The head of Texas-El Paso's booster organization says it's ridiculous to believe basketball players are given illegal inducements such as cars and money.

But that's what two former UTEP basketball players - both of whom left the team for unspecified reasons - and former player and assistant coach Nate "Tiny" Archibald told Newsday, a New York news-paper.UTEP's athletic director and head basketball coach denied the allegations Monday.

"We haven't been blessed with a lot of blue-chip high-school seniors that everyone's been after," Artie Dolt, executive director of the El Dorados booster organization, said Monday. "We're not in a bidding war with the Kentuckys and Louisvilles and other big programs."

Although UTEP isn't on the same basketball level as Kentucky or Louisville, it has made it to the NCAA tournament six years in a row, and has one national championship banner hanging from the ceiling of its basketball arena.

UTEP fans are basketball-mad, and former players Sean Harris and Jerry Jones told Newsday some boosters are willing to go too far. They said assistant coaches introduced them to "sugar families," or "shoogs," who gave them money and lent them cars.

Archibald, an assistant coach in 1986-87, said that after he left the UTEP program, players confided in him "what they were getting, what they should have been getting" from sugar families.

Harris, a Harlem native who left UTEP after the 1988 season and now attends St. Thomas Aquinas College in Sparkill, N.Y., told Newsday he benefited little from the sugar family system.

"They gave me a family that really didn't have as much money as (some of the others)," Harris told Newsday in an article published Sunday. "The other guys on the team, their shoogs were loaded. Some of the guys drive around in cars from the shoogs that they borrow." Some got money, he said.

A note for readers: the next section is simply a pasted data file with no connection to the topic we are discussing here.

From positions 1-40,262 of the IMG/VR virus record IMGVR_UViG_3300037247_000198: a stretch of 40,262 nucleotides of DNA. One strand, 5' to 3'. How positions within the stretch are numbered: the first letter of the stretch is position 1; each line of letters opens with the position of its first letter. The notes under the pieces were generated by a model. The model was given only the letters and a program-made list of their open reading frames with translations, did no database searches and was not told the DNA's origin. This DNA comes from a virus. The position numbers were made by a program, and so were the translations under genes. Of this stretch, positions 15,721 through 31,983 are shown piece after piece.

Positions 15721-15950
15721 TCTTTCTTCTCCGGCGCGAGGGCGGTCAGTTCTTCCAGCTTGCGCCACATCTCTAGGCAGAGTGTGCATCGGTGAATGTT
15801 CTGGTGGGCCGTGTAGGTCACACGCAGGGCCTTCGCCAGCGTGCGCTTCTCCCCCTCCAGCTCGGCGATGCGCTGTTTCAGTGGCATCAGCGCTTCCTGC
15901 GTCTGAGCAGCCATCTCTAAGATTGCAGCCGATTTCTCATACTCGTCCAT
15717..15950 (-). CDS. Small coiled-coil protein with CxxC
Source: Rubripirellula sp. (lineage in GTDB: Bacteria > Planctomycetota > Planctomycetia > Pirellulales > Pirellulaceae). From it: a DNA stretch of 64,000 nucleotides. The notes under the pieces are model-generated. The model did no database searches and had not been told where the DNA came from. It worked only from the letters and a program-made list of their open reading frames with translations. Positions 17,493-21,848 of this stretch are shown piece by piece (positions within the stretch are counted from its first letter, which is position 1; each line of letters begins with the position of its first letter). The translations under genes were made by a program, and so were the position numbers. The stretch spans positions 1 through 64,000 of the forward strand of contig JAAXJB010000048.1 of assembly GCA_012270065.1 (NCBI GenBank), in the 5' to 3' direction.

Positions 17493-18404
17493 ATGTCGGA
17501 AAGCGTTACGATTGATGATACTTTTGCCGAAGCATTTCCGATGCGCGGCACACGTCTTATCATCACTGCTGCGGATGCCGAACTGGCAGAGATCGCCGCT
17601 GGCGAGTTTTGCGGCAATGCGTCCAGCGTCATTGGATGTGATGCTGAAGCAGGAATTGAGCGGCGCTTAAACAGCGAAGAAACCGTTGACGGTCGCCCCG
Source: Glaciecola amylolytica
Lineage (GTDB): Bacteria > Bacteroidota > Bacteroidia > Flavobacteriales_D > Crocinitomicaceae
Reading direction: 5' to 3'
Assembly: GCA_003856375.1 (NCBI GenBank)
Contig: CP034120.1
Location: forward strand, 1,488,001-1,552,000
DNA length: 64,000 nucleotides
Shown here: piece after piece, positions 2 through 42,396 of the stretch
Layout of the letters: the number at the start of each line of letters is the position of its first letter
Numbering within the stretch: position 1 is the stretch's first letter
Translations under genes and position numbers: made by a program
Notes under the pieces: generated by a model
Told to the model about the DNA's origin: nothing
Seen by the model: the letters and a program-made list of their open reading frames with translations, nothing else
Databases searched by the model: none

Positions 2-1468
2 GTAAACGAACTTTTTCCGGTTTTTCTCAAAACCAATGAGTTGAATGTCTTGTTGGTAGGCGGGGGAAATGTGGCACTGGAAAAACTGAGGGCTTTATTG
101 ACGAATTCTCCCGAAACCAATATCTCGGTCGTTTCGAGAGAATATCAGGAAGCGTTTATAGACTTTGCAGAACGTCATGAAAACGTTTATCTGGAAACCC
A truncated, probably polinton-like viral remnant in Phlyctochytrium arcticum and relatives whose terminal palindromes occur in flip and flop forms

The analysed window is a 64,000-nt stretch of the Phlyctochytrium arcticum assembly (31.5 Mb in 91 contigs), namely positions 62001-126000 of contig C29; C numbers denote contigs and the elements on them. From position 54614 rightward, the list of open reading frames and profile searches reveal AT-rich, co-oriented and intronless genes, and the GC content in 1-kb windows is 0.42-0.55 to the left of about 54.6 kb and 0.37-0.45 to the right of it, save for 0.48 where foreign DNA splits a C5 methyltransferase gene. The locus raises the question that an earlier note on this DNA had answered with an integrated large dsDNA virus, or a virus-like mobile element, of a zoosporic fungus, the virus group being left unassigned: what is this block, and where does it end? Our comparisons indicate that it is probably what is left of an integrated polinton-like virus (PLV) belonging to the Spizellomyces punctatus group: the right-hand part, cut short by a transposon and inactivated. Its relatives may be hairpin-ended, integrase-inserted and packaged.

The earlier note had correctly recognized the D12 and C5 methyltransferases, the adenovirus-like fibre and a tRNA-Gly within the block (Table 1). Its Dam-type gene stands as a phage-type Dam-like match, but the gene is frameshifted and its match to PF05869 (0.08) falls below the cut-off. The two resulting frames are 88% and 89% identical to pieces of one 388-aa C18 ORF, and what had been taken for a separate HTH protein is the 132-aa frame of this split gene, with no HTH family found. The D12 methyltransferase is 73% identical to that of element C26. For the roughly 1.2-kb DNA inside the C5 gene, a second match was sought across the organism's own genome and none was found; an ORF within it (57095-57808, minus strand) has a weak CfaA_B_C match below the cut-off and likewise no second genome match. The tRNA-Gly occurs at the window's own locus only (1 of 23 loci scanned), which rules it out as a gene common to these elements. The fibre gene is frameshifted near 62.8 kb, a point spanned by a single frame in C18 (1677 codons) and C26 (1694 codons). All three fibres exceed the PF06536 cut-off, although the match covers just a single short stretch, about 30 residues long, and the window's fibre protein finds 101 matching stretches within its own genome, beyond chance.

Harris was not redshirted, but played little at UTEP last season. UTEP officials would not comment Monday on whether he left because he had little playing time or whether it had anything to do with a Fort Bliss bar fight he was investigated for. No charges were filed as a result of the altercation.

Another former Miner player, Jerry Jones, told Newsday he had "sugar families" each of three seasons he attended UTEP.

"My first year there, I had a good sponsor, but something happened," he said. "One of the guys messed up their (a family's) car, and they didn't want anything more to do with it."

Jones, who now plays at Southern Illinois, declined to name the player or family.

Haskins and Athletic Director Brad Hovious said in prepared statements Monday that the former players apparently were referring to the university's Host Family Program, designed to make out-of-town students feel at home. The program is supposed to be for athletes and non-athletes.

Hovious said the Host Family Program operates within NCAA rules, and that an internal investigation "satisfies me that none of our players have been given cars."

Hovious, who was not available for further comment, did not indicate when the investigation into car use took place.

Haskins said: "I know of no boosters who have provided cash or cars to our players. I am well aware that people have had our players in their homes for meals. I have told them personally, and in a letter, that they can feed our student-athletes all they want but in no way can they give them gifts of any sort."

David Berst, assistant executive director for enforcement for the National Collegiate Athletic Association, said he could not comment on whether UTEP is being investigated or whether an investigation is planned.